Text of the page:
AUTO! - Research & Development

The unique success story written by “Autoland Saxony” was also made possible by the regional research landscape, which has been closely tied to Saxony’s business community since time immemorial. All told, more than 50 very diverse university and non university educational and research facilities focus on automobiles in Saxony. A significant portion of these tasks are carried out on behalf of globally active automobile manufacturers and suppliers.

"InEco®" - Elektroauto entwickelt vom Institut für Leichtbau und Kunststofftechnik (ILK) der Technischen Universität Dresden gemeinsam mit der Leichtbau-Zentrum Sachsen GmbH und der ThyssenKrupp AG

Source: Dresden University of Technology / Institute of Lightweight Engineering and Polymer Technology (ILK)

Dresden University of Technology

The Dresden University of Technology focuses its instruction and research in the automobile and integrated mobility sector at the Institute of Automotive Engineering Dresden (IAD). The IAD is one of the leading automobile research institutes in Europe. At the IAD’s Chairs of Automobile Engineering, Combustion Engines, and Vehicle Mechatronics, scientific projects are carried out with a specific focus on driving dynamics and comfort, road and transportation safety, electronic architecture as well as on energy and information management also in the context of automated driving. In the IAD’s ultramodern „Test Center for Automotive Engineering (FVZ),“ vehicles, batteries, and electronic systems are tested under realistic conditions.

The university’s Chair of Transport Systems Information Technology is already working on the pioneering topics „car-to-car“ and „car-to-x communication.“ Together with the IAD, the chair has developed a wireless information system which permits data communication among vehicles and between cars and, for example, optical signaling systems.

The Dresden model of a „Function-integrated Lightweight Construction System of Multi-material Design“ which was developed at the Institute of Lightweight Engineering and Polymer Technology (ILK) is considered to be the European role model for R & D conducted in this sector. Scientists at the institute have developed an ultralight e-car together with the Leichtbau-Zentrum Sachsen GmbH and ThyssenKrupp AG corporations. "InEco®" weighs less than 900 kilograms and is designed to delight primarily short-distance drivers in densely populated urban areas 

EMV-Labor an der Westsächsischen Hochschule Zwickau (WHZ)

Source: Zwickau University of Applied Sciences (WHZ)

Zwickau University of Applied Sciences (WHZ)

Applied research at the Zwickau University of Applied Sciences (WHZ) is conducted together with renowned automobile manufacturers and suppliers – for example, on the development of innovative electronic, drive, and propulsion systems as well as on new materials and production technologies for automotive construction. The WHZ has a Center for Automotive Electronics which is unique among German universities. The center includes a lab for electromagnetic compatibility (EMC) studies on modern vehicles with innovative electronic systems (for example, for automated driving or car-to-x communication).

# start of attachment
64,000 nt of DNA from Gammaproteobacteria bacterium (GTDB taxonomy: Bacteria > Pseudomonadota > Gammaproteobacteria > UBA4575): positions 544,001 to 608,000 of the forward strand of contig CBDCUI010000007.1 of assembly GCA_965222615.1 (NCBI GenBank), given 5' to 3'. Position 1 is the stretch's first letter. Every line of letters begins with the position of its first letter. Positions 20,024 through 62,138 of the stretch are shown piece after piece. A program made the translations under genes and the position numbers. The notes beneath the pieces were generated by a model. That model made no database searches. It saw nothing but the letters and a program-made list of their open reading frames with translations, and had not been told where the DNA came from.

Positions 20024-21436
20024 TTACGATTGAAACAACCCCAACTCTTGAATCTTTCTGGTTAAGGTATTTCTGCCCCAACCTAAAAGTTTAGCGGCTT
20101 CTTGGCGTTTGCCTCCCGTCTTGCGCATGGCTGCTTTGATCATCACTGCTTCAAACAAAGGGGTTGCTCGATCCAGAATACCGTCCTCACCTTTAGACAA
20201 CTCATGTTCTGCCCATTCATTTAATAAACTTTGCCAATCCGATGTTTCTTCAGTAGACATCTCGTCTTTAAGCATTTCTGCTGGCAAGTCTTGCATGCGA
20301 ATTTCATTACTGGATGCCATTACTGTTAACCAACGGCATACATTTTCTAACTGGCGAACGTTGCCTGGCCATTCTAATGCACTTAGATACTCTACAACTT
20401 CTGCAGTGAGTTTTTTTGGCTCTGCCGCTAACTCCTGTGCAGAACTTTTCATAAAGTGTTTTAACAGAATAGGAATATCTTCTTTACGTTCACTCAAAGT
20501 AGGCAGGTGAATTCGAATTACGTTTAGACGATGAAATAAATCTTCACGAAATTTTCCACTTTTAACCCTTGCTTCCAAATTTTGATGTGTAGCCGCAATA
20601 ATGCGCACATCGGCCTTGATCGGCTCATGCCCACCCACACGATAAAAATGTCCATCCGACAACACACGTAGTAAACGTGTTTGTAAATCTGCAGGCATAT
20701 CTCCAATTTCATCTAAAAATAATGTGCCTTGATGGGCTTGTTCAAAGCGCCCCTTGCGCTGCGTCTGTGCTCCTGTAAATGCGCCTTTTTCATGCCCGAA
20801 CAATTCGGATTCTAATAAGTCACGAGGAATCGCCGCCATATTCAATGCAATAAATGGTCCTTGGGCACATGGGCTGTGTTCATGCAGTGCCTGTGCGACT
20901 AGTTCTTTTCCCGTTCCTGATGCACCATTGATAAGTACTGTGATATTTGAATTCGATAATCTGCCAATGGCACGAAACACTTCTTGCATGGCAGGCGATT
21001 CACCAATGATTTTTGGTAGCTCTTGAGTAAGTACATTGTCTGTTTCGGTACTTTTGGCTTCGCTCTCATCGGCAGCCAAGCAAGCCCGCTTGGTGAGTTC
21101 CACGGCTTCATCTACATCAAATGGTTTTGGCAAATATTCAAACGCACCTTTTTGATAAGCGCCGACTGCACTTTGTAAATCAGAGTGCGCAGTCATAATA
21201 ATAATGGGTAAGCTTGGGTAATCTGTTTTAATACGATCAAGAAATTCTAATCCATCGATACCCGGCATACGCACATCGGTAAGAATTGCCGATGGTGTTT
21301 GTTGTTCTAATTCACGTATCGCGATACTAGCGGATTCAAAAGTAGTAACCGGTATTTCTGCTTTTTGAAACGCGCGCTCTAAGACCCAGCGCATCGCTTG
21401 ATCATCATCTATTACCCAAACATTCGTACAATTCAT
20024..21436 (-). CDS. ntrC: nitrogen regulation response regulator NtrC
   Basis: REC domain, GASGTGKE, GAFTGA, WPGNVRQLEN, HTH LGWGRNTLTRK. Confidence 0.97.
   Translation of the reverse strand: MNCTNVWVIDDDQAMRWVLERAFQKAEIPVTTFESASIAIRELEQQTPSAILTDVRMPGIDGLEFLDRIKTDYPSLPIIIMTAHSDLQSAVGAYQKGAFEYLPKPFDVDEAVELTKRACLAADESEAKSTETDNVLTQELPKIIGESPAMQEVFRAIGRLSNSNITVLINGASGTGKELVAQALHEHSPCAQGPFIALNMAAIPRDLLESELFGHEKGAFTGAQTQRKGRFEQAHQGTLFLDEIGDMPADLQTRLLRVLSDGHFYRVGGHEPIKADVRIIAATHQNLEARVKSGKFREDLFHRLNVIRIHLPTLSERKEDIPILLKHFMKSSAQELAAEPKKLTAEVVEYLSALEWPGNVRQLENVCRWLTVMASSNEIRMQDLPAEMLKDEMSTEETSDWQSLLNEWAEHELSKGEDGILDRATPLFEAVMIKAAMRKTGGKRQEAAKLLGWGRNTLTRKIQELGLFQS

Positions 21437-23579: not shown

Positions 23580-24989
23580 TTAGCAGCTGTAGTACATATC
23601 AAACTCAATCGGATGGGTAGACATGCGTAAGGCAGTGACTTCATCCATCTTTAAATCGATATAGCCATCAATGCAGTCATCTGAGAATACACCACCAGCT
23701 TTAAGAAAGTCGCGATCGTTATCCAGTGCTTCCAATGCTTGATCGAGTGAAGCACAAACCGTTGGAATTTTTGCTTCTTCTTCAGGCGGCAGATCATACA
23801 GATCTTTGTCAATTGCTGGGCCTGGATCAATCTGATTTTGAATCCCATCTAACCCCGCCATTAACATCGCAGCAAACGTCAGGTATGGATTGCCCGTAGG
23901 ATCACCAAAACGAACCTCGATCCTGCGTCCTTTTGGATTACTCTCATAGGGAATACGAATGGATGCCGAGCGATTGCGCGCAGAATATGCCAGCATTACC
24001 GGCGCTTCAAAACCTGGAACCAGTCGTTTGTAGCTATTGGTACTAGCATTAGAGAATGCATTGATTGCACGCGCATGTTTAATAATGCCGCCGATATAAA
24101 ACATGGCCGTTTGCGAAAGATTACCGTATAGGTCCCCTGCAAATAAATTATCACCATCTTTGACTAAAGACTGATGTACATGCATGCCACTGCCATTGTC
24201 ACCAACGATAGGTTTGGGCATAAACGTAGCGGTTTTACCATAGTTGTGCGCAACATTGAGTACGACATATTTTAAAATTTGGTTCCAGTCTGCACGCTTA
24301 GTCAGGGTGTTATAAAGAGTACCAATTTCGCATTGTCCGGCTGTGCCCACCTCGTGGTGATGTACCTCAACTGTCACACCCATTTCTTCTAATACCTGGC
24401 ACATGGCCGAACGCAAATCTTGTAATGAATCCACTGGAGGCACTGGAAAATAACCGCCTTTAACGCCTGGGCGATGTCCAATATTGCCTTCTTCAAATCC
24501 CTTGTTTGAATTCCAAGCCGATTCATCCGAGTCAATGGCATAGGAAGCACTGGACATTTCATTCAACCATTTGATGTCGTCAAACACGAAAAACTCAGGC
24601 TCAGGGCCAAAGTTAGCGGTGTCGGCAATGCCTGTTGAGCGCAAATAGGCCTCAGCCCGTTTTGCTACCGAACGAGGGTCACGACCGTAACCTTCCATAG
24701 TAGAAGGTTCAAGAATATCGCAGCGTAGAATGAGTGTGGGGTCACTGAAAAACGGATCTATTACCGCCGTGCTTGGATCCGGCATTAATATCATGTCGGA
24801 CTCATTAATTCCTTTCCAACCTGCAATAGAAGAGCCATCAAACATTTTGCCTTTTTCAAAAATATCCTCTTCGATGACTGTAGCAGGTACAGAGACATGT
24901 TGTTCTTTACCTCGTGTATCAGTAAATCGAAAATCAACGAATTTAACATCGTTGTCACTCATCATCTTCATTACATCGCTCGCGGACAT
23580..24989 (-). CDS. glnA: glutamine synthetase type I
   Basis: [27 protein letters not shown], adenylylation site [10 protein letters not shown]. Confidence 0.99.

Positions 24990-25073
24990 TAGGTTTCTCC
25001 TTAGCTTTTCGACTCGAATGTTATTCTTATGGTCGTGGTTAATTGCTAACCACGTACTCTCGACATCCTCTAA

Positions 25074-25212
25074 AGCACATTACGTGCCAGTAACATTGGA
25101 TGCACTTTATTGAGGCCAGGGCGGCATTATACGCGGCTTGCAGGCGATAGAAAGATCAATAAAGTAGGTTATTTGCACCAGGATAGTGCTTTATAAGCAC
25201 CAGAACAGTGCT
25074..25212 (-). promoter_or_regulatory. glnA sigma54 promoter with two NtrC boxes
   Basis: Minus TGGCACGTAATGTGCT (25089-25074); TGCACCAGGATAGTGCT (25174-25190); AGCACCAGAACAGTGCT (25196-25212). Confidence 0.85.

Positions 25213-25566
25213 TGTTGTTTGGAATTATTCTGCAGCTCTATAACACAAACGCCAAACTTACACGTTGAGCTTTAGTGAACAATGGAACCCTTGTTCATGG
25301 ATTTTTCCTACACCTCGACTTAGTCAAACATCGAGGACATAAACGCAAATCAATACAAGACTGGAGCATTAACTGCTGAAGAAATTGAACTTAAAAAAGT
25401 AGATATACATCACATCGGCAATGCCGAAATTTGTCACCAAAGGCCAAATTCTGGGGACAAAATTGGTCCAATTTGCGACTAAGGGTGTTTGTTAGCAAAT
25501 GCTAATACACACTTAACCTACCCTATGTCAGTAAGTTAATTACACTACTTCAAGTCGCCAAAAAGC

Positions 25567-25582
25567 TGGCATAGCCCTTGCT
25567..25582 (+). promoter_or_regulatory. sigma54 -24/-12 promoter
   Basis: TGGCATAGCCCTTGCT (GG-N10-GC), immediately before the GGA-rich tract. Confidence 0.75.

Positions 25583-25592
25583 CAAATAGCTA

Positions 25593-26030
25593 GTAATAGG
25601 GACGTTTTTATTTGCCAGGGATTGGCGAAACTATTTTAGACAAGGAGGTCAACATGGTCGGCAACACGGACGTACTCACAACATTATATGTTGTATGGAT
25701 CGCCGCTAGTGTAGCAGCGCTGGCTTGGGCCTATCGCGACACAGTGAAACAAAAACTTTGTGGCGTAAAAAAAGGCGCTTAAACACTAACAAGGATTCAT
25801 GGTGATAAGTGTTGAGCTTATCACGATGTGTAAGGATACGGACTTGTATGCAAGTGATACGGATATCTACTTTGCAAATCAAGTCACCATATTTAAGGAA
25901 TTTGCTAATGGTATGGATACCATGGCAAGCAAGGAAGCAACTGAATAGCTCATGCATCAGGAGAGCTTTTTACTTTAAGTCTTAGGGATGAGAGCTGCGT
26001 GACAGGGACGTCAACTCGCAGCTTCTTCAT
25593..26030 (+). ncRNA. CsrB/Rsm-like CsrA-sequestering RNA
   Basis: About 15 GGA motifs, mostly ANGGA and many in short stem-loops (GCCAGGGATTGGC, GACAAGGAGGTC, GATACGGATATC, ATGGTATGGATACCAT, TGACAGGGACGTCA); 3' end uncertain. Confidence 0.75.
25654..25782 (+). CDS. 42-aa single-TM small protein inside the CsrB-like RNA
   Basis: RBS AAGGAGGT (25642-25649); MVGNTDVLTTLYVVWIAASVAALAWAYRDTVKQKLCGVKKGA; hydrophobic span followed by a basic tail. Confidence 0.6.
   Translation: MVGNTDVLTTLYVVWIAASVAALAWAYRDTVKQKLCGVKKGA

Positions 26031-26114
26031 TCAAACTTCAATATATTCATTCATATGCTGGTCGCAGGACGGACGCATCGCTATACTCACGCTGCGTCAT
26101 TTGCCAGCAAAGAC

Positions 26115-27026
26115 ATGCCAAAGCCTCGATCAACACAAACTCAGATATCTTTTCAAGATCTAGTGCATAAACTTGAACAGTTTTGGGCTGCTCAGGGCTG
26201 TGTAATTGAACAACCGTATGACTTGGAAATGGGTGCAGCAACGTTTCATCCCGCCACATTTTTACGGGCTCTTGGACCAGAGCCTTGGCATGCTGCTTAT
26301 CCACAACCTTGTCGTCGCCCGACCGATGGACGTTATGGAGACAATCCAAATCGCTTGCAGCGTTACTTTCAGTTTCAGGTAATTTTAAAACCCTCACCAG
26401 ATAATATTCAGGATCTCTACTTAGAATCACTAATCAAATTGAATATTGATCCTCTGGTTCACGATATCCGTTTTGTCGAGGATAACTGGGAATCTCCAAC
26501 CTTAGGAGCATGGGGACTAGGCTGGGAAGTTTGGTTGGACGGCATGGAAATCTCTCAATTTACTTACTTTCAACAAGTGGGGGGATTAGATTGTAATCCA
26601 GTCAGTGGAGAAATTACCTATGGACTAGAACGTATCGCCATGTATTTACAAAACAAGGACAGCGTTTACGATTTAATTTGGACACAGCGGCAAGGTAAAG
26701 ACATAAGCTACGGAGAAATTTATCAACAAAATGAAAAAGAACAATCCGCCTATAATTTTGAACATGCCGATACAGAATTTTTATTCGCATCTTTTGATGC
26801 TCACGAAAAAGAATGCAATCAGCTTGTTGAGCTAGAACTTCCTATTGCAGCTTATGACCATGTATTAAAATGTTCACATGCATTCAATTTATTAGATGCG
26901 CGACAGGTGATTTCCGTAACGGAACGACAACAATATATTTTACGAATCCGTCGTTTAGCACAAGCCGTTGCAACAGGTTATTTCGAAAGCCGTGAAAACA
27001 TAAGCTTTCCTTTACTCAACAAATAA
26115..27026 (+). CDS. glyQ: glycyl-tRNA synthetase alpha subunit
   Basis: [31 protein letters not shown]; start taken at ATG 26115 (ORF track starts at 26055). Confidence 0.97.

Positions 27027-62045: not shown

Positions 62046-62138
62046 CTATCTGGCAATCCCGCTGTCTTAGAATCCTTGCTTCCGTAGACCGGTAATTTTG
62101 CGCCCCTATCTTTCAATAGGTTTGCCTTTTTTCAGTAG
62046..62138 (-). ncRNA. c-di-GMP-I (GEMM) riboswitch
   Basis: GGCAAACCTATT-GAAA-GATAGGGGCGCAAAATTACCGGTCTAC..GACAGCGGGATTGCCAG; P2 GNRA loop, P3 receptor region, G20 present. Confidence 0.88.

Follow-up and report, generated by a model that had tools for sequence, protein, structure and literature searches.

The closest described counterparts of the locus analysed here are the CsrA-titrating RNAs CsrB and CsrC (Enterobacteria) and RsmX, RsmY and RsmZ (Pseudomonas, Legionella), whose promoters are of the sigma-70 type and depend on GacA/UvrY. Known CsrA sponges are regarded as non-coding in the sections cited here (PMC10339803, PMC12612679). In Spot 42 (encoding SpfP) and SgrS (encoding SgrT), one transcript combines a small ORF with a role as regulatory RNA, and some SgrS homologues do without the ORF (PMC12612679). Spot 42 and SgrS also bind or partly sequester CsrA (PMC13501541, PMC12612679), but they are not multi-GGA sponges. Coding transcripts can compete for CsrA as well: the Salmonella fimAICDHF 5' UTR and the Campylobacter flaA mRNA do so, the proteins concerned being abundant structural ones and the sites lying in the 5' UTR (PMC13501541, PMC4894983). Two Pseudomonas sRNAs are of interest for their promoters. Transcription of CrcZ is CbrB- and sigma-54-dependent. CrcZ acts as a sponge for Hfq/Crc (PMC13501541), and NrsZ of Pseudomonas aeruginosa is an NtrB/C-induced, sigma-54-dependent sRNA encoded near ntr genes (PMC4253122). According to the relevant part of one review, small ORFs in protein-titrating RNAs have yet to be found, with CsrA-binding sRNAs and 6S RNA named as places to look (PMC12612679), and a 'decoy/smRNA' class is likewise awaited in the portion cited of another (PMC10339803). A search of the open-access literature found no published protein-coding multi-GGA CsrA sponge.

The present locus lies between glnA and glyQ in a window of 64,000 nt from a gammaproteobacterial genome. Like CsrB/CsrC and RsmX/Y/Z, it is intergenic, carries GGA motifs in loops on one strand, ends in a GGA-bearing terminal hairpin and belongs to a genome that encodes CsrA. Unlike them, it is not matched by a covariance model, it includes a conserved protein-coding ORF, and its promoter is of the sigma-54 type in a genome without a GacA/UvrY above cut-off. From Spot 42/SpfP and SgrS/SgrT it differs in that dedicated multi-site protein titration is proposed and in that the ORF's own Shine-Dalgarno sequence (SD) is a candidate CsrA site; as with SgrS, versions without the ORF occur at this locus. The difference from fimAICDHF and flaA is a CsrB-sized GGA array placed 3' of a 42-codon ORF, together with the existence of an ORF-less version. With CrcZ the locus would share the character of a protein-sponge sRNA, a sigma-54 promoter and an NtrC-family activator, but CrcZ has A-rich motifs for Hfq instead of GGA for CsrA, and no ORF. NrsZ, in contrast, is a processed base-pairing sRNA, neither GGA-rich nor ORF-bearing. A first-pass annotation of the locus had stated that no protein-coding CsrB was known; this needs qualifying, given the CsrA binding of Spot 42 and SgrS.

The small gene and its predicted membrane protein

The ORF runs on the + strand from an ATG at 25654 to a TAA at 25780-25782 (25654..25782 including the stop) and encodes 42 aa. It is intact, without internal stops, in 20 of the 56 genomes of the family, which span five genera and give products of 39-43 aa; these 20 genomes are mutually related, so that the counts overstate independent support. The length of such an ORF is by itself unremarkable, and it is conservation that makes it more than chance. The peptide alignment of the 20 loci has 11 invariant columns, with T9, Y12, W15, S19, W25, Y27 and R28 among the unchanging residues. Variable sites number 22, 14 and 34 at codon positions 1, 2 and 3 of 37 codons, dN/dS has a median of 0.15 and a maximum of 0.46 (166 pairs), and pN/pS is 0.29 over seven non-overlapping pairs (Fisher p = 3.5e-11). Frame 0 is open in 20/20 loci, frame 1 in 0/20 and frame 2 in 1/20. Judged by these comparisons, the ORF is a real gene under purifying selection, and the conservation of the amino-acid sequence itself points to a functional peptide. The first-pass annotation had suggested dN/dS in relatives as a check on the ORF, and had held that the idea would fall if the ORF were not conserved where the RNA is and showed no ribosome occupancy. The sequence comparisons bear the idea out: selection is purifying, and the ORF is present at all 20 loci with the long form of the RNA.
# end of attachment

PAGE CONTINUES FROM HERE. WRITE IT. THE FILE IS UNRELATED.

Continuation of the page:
"Yellow Cars" im Labor der Professur Technische Informatik an der Technischen Universität Chemnitz

Source: Chemnitz University of Technology / Mario Steinebach

Chemnitz University of Technology

The three key research fields of the Chemnitz University of Technology – „Intelligent Systems and Materials,“ „Energy-efficient Production Systems“ as well as „Human Factors in Technologies“ – are primarily geared towards sustainable mobility. Numerous research projects at Chemnitz University of Technology revolve around e-mobility. For example, the researchers continue to advance the development of the impedance spectroscopy for the low-cost diagnosis of batteries in e-vehicles. They test pedelecs and e-cars. And they create a manufacturing process for the mass production of innovative electric axial flow engines which represent an essential component of e-vehicle drive and propulsion systems.
A research team of students enrolled in the Automotive Software Engineering and Applied Computer Science degree courses focuses on car to car communication. They use “yellow cars” for tests in the lab of the Professorship of Computer Engineering.

Chemnitz Automotive Institute (CATI)

In early 2015, the Chemnitz Automotive Institute (CATI), one of only four transregional competence centers for automotive economics in Germany, commenced with its work. CATI initiates and concentrates the research activities in the sectors automotive economics, automotive factory, and automotive logistics with a specific focus on the transfer of process innovations. CATI’s Advisory Board includes representatives from VW, Porsche, Brose, MA Automotive, Schnellecke Logistics, and the German Association of the Automotive Industry (VDA).